holding district court has discretion to limit information, but abused discretion in severely and unreasonably limiting informationSummary of this case from United States v. Channon
Nos. 01-1197, 01-1236, 01-1591 and 02-1008.
April 22, 2003.
Appeal from the United States District Court for the District of Colorado, Zita L. Weinshienk, J.
William A. VonHoene, Exelon Business Services Company, Chicago, IL (John L. Watson, Esq., Paul F. Lewis, Esq., Jerry N. Jones, Esq., Rebecca L. Crotty, Esq., Dianne M. Kueck, Esq., of Moye, Giles, O'Keefe, Vermeire Gorrell LLP, Denver, CO, Barry Levenstam, Esq., Jenner Block, LLC, Chicago, IL, on the briefs), for Defendant-Appellant/Cross-Appellee.
Don Howarth, Esq. (Suzelle M. Smith, Esq., Irene Viksman Flores, Esq., Darcy R. Harris, Esq., of Howarth Smith, Los Angeles, CA, with him on the brief), for Plaintiffs-Appellees/Cross-Appellants.
I. Factual Background
This appeal represents our fourth review of the contentious litigation springing from a uranium mill operated in south central Colorado by the Cotter Corporation ("Cotter"). In light of our previous discussion of the background of these actions in Dodge v. Cotter Corp., 203 F.3d 1190 (10th Cir. 2000) (" Dodge I"), we present only the following factual summary.
Cotter's uranium mill ("the Mill"), which occupies a several hundred acre site in south-central Colorado, two and a half miles south of Cañon City, began operation in 1958. The Mill was operated for the extraction and concentration of uranium oxide from ore using both alkaline and acid leach processes that resulted in two types of waste: tailings, solid dust-like particles of ore, and raffinate, liquid recovered from the uranium extraction solutions. In accordance with the state of the art at the time, these wastes were originally deposited in a series of unlined ponds.
Lincoln Park, an unincorporated area, is a mile and a half north of the Mill. The Arkansas River borders Lincoln Park's northern rim while Sand Creek and the DeWeese Dye Ditch angle across its southern perimeters. During the Mill's years of operation crushing ore into "yellowcake," a form of concentrated uranium, dry tailings were carried off-site by winds and raffinate leached into groundwater beneath the Mill and flowed north toward Lincoln Park along the Sand Creek channel.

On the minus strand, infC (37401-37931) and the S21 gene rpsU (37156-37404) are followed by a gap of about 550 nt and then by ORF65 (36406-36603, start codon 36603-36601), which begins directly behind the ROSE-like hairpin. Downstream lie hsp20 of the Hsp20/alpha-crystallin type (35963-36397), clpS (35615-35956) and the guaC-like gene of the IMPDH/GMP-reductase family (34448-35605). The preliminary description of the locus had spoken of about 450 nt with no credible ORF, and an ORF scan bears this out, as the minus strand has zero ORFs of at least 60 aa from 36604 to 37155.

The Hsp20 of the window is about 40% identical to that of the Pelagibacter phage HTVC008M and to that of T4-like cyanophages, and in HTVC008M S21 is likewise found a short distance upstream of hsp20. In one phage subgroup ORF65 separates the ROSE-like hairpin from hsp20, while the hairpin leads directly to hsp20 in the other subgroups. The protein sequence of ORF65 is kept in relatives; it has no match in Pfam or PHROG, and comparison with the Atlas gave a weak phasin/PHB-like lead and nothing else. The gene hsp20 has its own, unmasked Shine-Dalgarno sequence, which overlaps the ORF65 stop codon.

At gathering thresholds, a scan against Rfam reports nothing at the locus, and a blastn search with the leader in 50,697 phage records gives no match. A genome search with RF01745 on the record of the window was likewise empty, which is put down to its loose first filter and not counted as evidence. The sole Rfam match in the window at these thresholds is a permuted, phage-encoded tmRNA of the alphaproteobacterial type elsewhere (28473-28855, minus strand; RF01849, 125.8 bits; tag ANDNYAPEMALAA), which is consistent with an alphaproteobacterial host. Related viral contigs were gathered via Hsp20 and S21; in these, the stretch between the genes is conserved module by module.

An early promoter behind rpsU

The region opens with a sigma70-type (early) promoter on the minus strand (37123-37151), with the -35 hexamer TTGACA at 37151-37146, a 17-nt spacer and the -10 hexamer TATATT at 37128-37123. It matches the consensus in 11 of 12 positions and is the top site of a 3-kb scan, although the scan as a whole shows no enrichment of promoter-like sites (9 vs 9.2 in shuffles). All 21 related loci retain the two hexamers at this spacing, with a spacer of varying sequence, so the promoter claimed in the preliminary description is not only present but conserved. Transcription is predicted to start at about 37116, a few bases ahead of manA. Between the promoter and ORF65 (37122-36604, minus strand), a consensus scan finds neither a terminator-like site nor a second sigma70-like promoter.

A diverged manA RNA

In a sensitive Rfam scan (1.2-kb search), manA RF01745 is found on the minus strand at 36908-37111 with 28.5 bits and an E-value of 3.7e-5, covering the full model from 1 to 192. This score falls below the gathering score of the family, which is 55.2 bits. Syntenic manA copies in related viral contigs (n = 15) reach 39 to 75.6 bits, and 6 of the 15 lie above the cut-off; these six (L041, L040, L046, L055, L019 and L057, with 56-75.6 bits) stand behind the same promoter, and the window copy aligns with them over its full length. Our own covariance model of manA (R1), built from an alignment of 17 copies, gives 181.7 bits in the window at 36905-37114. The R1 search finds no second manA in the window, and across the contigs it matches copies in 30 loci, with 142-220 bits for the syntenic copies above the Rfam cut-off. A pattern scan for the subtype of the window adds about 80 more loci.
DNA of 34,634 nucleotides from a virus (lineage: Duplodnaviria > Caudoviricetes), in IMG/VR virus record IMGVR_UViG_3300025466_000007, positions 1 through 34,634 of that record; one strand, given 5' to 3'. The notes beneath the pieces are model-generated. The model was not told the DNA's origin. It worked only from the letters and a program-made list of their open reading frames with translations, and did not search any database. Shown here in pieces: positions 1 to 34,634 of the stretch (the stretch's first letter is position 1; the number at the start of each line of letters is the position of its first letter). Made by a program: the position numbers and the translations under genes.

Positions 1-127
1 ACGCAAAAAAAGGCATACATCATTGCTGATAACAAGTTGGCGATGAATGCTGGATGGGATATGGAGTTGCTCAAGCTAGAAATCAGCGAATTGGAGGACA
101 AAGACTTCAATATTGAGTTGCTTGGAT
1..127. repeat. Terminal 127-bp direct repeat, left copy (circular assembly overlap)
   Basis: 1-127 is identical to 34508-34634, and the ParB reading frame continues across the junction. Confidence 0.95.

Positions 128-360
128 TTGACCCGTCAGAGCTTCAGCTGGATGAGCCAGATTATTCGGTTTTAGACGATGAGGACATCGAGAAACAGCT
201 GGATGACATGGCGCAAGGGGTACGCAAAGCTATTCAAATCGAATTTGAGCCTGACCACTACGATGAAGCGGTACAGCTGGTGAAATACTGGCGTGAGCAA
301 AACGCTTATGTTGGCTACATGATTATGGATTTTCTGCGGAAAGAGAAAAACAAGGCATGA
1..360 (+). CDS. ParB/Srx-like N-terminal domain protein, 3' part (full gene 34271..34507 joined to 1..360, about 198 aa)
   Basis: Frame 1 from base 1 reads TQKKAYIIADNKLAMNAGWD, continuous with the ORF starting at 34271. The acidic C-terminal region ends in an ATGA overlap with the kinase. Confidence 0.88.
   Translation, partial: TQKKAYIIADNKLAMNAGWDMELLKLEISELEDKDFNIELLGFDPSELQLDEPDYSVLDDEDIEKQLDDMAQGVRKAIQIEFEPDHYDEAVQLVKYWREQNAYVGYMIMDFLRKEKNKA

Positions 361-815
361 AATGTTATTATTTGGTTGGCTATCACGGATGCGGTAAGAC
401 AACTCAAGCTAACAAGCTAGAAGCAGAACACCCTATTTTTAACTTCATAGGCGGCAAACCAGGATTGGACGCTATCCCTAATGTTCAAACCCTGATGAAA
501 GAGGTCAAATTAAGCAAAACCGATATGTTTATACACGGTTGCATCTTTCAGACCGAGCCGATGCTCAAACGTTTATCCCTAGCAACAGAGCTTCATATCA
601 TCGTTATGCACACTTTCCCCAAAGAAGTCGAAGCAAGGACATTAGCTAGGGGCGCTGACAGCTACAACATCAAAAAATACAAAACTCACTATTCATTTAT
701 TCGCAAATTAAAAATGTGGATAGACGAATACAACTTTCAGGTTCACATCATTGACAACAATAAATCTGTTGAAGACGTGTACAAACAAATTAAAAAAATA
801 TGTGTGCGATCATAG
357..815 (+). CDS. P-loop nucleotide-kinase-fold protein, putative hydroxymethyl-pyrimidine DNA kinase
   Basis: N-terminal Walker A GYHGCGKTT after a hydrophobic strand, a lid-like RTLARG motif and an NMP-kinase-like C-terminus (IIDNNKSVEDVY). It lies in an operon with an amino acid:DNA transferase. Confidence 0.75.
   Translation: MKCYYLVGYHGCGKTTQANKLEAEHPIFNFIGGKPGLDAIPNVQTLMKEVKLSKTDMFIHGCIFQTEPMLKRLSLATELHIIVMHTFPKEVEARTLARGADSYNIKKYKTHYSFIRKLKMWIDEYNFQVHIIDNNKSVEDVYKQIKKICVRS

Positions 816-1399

The Atomic Energy Commission ("AEC") regulated the Mill from 1958 to 1968. During this period of AEC regulatory oversight, the AEC cited Cotter for various violations of the conditions of its license at the Mill. The State of Colorado Department of Health ("the State") took over responsibility from the AEC for licensing radioactive materials in 1968 and thus assumed regulatory oversight of the Mill at that time. Cotter continued to receive a variety of citations from the State for violating the conditions of its license. The presence of off-site contamination was identified as early as 1968. Over time, as awareness of further contamination grew, so too did the State's concern about mitigating the problem.
In an effort to clean up the site, both the Environmental Protection Agency and the Colorado Department of Public Health and Environment ("the Department") targeted the Mill's unlined storage ponds as a primary source of the proliferation of such hazardous substances as uranium, molybdenum, thorium, radium, selenium, arsenic, and lead. By 1981, Cotter had closed eight unlined ponds and constructed two new tailings facilities sealed with a synthetic membrane liner and significant barriers of compacted clay. Later, Cotter added a clay barrier to the Sand Creek Dam to prevent water flow from the Mill into Lincoln Park. Despite these and various other efforts, state inspections would reveal tears in the ponds' linings and violations of air emissions standards.
II. Procedural Background
In 1983, the State of Colorado sued Cotter in federal court for damages to natural resources and clean-up of the contamination. State of Colorado v. Cotter Corp., Case. No. 83-C-2389. In 1988, the parties settled the matter by a Consent Decree which provided a Remedial Action Plan ("the Plan"). The Plan required the creation of the Human Health Risk Assessment Panel ("the Panel") which prepared a report in 1991 on the Lincoln Park Super fund Site evaluating the health risks to the surrounding populations from the Mill's off-site releases. The Panel quantified exposures to Mill-related substances in air, surface water, sediment, ground water, soil, and different types of locally raised food, measured the toxicity of the exposures, and assessed the possible health risks based on those evaluations. The Panel concluded "risks to humans were generally low, especially when judged in comparison to natural `background' levels of mill-related metals in the environment." Aplt.App. at 027896. However, the Panel excepted from that conclusion a possible health concern in drinking ground water "because of the presence of molybdenum (and, to a lesser extent, uranium) in the water." Id.
A. The Boughton Trial and Dodge I
In 1991, a multitude of Lincoln Park residents filed an action under the Comprehensive Environmental Response Compensation and Liability Act ("CERCLA"), 42 U.S.C. §§ 9601- 9675, the Price-Anderson Act, 42 U.S.C. § 2210(n)(2), and Colorado law alleging that Cotter's negligent handling, maintenance, transportation and storage of hazardous materials used or produced at the Mill caused damage to their health and property. Residents who could not claim direct physical injury as a result of exposure sought instead to recover for the expense of medical monitoring that they claimed was necessitated by their increased health risks caused by the exposure.